Archaeology and the Iliad : the Trojan War in Homer and by Eric H. Cline, Recorded Books

By Eric H. Cline, Recorded Books

George Washington collage professor, Eric Cline examines the true background of Troy and delves into archaeological discoveries. via his research of identified info, Cline presents a fuller, richer realizing of this ancient clash.

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Archaeology and the Iliad : the Trojan War in Homer and history

George Washington college professor, Eric Cline examines the true heritage of Troy and delves into archaeological discoveries. via his research of recognized facts, Cline presents a fuller, richer figuring out of this ancient conflict.

Extra resources for Archaeology and the Iliad : the Trojan War in Homer and history

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Page, Denys L. History and the Homeric Iliad. Berkeley: University of California Press, 1959. , and Eric H. Cline. ” Journal of Archaeological Science, 27 (2000) 43–63. ———. “What Triggered the Collapse? ” Archaeology Odyssey, 4/5 (2001) 31–36, 62–63. 45 Lecture 11: Carl Blegen and the City of Troy VIIa The Suggested Reading for this lecture is Michael Wood’s In Search of the Trojan War. Carl Blegen, of the University of Cincinnati, did not believe that Troy VIh was the city that the Mycenaeans captured.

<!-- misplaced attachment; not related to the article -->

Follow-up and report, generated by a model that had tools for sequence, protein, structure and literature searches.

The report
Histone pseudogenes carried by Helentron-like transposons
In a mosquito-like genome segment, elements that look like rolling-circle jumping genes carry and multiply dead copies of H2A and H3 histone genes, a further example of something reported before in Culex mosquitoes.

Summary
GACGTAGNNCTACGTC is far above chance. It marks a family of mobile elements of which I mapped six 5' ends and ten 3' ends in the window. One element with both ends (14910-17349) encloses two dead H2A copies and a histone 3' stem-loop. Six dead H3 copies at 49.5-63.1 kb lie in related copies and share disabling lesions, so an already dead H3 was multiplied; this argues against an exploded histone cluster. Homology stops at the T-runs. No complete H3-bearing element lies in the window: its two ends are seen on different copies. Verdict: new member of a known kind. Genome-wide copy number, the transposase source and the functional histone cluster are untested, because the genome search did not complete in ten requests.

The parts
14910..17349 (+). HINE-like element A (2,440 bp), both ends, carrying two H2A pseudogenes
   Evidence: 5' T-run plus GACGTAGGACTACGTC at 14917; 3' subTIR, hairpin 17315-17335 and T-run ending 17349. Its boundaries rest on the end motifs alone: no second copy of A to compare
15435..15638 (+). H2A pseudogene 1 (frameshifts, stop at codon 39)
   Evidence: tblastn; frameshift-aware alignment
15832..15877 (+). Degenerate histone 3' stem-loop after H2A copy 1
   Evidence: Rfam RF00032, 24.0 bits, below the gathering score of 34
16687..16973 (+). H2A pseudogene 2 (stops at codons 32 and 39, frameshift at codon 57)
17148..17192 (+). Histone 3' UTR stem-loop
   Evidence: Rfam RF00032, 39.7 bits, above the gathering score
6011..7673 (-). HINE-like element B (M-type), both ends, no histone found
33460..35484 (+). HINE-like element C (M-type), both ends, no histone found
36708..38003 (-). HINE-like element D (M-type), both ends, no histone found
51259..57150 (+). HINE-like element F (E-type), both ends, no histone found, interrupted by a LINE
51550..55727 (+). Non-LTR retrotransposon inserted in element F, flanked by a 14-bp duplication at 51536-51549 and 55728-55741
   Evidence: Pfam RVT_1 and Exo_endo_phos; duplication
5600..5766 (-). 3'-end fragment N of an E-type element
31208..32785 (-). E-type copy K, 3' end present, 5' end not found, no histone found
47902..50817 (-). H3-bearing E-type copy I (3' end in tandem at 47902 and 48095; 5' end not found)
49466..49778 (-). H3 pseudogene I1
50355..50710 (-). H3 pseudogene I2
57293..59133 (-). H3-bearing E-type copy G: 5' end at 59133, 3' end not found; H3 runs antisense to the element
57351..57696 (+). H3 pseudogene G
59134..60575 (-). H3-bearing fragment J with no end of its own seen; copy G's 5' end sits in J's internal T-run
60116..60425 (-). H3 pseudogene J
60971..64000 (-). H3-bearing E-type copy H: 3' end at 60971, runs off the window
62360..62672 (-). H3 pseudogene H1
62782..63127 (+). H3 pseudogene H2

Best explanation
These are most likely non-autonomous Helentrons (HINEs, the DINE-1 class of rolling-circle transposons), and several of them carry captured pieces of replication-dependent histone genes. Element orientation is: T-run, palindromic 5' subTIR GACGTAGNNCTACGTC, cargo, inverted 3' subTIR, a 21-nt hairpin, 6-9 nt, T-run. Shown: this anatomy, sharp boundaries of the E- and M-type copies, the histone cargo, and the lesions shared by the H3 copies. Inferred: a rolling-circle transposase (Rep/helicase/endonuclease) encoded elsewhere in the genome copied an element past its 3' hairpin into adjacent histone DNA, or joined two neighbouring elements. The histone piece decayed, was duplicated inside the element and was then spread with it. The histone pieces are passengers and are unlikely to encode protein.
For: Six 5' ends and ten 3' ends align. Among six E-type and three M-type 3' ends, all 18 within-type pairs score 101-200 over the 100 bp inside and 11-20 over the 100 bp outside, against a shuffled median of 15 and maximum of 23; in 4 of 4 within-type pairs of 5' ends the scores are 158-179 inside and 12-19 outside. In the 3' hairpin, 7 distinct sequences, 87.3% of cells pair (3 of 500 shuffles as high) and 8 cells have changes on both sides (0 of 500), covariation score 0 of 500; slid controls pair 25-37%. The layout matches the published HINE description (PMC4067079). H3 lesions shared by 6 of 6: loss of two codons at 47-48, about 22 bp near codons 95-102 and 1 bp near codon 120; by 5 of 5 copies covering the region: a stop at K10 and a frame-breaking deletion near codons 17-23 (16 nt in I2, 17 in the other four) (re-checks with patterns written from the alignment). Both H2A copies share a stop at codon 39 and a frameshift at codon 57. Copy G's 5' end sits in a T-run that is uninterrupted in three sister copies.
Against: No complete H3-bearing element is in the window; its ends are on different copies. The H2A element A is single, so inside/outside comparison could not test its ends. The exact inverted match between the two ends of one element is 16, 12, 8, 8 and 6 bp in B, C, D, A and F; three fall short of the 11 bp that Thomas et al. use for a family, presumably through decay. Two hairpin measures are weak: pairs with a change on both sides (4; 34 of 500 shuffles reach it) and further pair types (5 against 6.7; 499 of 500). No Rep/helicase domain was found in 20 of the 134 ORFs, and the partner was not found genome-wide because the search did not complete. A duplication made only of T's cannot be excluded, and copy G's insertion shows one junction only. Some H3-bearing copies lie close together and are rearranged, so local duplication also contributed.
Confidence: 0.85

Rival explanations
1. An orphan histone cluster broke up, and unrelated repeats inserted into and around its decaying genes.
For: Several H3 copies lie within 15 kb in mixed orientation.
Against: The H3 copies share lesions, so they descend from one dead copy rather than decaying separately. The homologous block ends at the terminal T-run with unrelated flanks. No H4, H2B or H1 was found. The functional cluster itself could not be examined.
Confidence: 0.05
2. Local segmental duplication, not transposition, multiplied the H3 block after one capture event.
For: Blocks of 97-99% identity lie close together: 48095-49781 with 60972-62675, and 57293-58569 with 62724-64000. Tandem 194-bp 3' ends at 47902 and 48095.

1420 BCE. This pitted the Trojans against the Hittites. Ironically, during this Assuwa rebellion, the Mycenaeans and the Trojans seem to have been allies, fighting together against the Hittites, but this is the one instance in which we get all three parties mentioned in nearly contemporaneous written texts—the Mycenaeans, the Trojans, and the Hittites. Unfortunately, this is two hundred years before the later Greeks thought that the Trojan War had taken place. What if the later Greeks were wrong?

Although a number of scholars have suggested that the Trojan Horse was actually a battering ram or some other machine of war, one theory in particular holds that the Trojan Horse was not a machine of war, but was instead a poetic metaphor for an earthquake. The reasoning is simple: Poseidon was the Greek god of earthquakes. Poseidon was usually represented by a horse (just as Athena was represented by an owl). The pounding of his horses’ hooves not only created 43 the crashing sound of the ocean’s waves, according to the ancient Greeks, but also the sound that accompanies an earthquake.

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